Yesterday, a journalist writing for a financial magazine asked me this question:
What are the biggest ways Australians waste money when it comes to their finances?
Here’s my answer:
An advisor without an investment philosophy is like a boat without a rudder.
If your advisor doesn’t have a convincing, evidence-based set of beliefs about the markets and how to invest in them, then you risk drifting from one idea to another.
An inconsistent investment approach is a common cause of capital loss.
An investment philosophy should inform an advisor’s decisions about your portfolio, so it’s important you not only understand and agree with their values and ideals, but that you can see evidence of a logical basis for making decisions about your wealth.
If your advisor recommends an investment strategy that doesn’t fit your values or view of the world – and that bothers you – then it’s not the right strategy for you.
My investment philosophy follows:
Bad decisions on a $400,000 home loan can easily cost you $100,000.
If you already have a mortgage, it’s not too late to fix old mistakes (or avoid making them with your next loan).
You should review your mortgage every 2 years anyway.
Why? Because less income needed to payout your mortgage means more money for other areas of your life. Your mortgage is probably the biggest financial commitment you will make in life. It is easy to get right and just as easy to get completely wrong.
Most people are surprised to find out that a low interest rate is not the most significant factor in reducing mortgage cost and paying out a loan faster.
You won’t see lenders advertising most of the tactics available to you, as it’s not in their best interests – the longer it takes to payout your loan, the more money they make. Lenders make money by lending you as much as possible, for as long as possible and with fees as high as they can get away with.
(This post continues from 13 Signs You’re Getting Bad Insurance Advice (Part 1).)
The recent CFP v Couper court case showed you could get insurance advice that leaves you uninsured and unprotected.
Here are 7 more signs you’re getting bad insurance advice:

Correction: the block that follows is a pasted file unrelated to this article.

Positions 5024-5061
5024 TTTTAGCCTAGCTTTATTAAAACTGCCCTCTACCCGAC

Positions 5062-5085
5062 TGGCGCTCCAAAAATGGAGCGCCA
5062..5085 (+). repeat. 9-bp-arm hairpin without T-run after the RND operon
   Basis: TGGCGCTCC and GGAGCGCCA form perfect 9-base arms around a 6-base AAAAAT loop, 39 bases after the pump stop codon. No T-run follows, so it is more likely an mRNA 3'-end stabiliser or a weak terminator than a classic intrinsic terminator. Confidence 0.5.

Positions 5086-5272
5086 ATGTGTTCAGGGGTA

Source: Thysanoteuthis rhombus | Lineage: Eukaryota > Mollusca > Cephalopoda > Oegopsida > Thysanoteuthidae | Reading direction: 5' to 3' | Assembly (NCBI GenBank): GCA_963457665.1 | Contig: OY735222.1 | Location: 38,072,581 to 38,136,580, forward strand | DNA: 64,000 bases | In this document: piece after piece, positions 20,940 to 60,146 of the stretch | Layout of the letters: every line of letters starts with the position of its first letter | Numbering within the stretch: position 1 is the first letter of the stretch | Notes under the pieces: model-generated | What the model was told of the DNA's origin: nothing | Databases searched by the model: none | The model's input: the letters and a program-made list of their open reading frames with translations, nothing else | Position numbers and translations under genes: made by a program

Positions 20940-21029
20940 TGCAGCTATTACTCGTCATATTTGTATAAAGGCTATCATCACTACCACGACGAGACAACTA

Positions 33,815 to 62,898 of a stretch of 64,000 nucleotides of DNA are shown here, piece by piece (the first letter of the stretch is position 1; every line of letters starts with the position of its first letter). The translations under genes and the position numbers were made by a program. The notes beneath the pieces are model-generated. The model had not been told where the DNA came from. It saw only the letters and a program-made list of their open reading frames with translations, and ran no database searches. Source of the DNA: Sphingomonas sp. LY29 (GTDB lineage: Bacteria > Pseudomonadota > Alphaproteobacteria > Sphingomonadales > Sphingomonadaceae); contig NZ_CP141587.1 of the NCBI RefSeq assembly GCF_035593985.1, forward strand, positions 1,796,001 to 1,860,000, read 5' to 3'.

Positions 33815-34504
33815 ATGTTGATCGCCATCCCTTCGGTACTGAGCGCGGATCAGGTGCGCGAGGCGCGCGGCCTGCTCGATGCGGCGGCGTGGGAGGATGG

Noel Stevens was dying when CommInsure rejected his insurance claim. The NSW District Court ruled the insurer was right to turn down the claim.
Mr Stevens passed away, but not before taking Commonwealth Financial Planning to court as he believed he had been given bad insurance advice. The court agreed.
Commonwealth Financial Planning (CFP) appealed the ruling and recently lost when defended by Noel Stevens’ daughter (CFP v Couper). The evidence in this case showed it’s possible to receive insurance advice that leaves you uninsured, where you were previously covered.
This client had no idea his insurance advice was poor. The CFP advisor didn’t know he’d given the wrong advice. In fact, the advisor followed a process you could find in any bank across Australia.
When your advisor is none the wiser, how can you check you have received proper advice?
What questions can you ask a financial adviser to help ensure you get advice that suits your interests and not theirs?
There are some great checklists available to help you choose a financial adviser, especially if you have no idea where to start. But, most focus on basic questions such as experience, professional membership and the services they offer.
While these are helpful as a starting point, they don’t get to the heart of what determines the quality of the advice and service your financial adviser provides.
I think there are a few additional questions you can ask to help ensure you get great advice and support.
Update (June 2016):
Over 11,000 people have read this article, after searching for information on financial advice fees. If you’re like them, and think you’re overpaying for financial advice (or about to), call me on 1300 369 045 or email email@example.com – and get a second opinion.
At some point over the next year, you may receive a Fee Disclosure Statement from your financial planner. If you know what to look for, this statement will help you work out if your financial adviser is worth their money.
As a part of Future of Financial Advice (FOFA) reforms, all financial planners who charge an ongoing fee for their service must give their clients a Fee Disclosure Statement (let’s call it an FDS). That’s for any advice fee your planner charges you on an ongoing basis, beyond 12 months.
This law is supposed to ensure you are told what you’ve paid for ongoing services and list what services you actually received.
But, the Fee Disclosure Statement is very basic. You need to ask additional questions to ensure you are not wasting your hard earned money on support that doesn’t benefit you, doesn’t suit your needs or is simply overpriced.
The FDS will give you key information for the preceding 12 months:
So lets look at each section.